What? They haven't decided where to put it yet? Wasn't that what the referendum was about?

Right. The people voted to put it between the levees. Sure. But Coffelt told me the authority had to delay the process of officially and finally choosing a route because of some little, itsy-bitsy problems they're having with the environmental impact study or EIS.

They have to finish the EIS before they can have a public hearing to launch the process of officially choosing a route. It's like the house that Jack built. You have to go in steps. But the EIS is a big step. Any number of agencies—the state or federal highway departments, the U.S. Army Corps of Engineers to name three—could put the kibosh to the whole thing, depending on how it comes out.


I'll tell you why it's taking so long to do the EIS. Because this whole thing is about Katrina and what happened to New Orleans. Katrina happened because the U.S. Army Corps of Engineers allowed local politicos and development interests in New Orleans to pressure it into building sub-par levees.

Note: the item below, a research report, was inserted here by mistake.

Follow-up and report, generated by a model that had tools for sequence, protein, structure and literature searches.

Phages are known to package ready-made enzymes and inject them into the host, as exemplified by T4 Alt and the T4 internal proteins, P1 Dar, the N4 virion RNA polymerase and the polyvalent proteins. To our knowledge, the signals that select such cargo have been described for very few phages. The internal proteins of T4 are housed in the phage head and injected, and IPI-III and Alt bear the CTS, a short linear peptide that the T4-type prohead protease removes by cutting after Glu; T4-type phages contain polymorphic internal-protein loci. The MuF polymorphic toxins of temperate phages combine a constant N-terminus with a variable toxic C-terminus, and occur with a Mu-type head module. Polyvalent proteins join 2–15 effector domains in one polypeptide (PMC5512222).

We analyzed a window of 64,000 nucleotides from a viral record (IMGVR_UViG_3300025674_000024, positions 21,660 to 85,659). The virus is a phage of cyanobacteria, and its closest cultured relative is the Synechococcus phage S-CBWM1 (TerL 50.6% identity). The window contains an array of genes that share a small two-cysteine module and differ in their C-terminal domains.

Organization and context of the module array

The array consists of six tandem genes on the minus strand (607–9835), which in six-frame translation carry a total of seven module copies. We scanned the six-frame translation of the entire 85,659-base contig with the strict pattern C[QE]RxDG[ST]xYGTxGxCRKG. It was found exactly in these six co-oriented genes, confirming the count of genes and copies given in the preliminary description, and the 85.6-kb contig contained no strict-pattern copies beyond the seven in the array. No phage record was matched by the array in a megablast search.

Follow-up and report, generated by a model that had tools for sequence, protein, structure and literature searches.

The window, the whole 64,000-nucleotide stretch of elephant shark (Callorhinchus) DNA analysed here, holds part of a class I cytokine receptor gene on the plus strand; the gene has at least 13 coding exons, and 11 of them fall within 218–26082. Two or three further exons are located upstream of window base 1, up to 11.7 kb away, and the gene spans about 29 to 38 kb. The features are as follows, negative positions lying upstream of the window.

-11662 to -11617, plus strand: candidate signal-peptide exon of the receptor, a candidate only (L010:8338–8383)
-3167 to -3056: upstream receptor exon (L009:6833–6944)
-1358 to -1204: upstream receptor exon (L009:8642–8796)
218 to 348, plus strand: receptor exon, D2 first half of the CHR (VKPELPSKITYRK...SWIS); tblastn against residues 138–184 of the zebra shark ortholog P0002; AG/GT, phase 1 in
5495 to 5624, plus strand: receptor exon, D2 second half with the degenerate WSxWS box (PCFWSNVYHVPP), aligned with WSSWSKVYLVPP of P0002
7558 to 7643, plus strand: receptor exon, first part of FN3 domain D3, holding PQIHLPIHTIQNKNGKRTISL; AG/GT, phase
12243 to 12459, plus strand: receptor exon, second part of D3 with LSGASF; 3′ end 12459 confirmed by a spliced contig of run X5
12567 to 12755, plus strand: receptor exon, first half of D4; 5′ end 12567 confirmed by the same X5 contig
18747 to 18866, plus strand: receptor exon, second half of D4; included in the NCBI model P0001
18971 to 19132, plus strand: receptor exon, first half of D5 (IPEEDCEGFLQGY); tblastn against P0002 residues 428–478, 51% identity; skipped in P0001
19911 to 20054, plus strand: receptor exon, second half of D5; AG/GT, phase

The levees here are dirt walls along both sides of the Trinity River designed to hold back flood waters from downtown on one side and Oak Cliff on the other. The area between the levees is called the floodway. It's the pipe, so to speak, that carries the water away.

The city's plan is to build an expressway down the middle of that pipe. There is no way to do that without clogging the pipe. If you clog the pipe, you risk pushing the waters higher until they spill over the levees, then rip the levees down and send rampaging floods through downtown or Oak Cliff or both.

The fact that the toll road is being held up by the environmental impact studies is serious and scary. The fact that the Calatrava bridge is being delayed by engineering and money problems is significant. And, if I may say, hilarious.

But the really important fact, embedded in all of this, is that we have idiots steering the ship. You may call that sour grapes. I think of it as a fine wine, aging in the barrel. I'm planning my little tasting for some time in 2012. That's my motto. No sour grape before its time.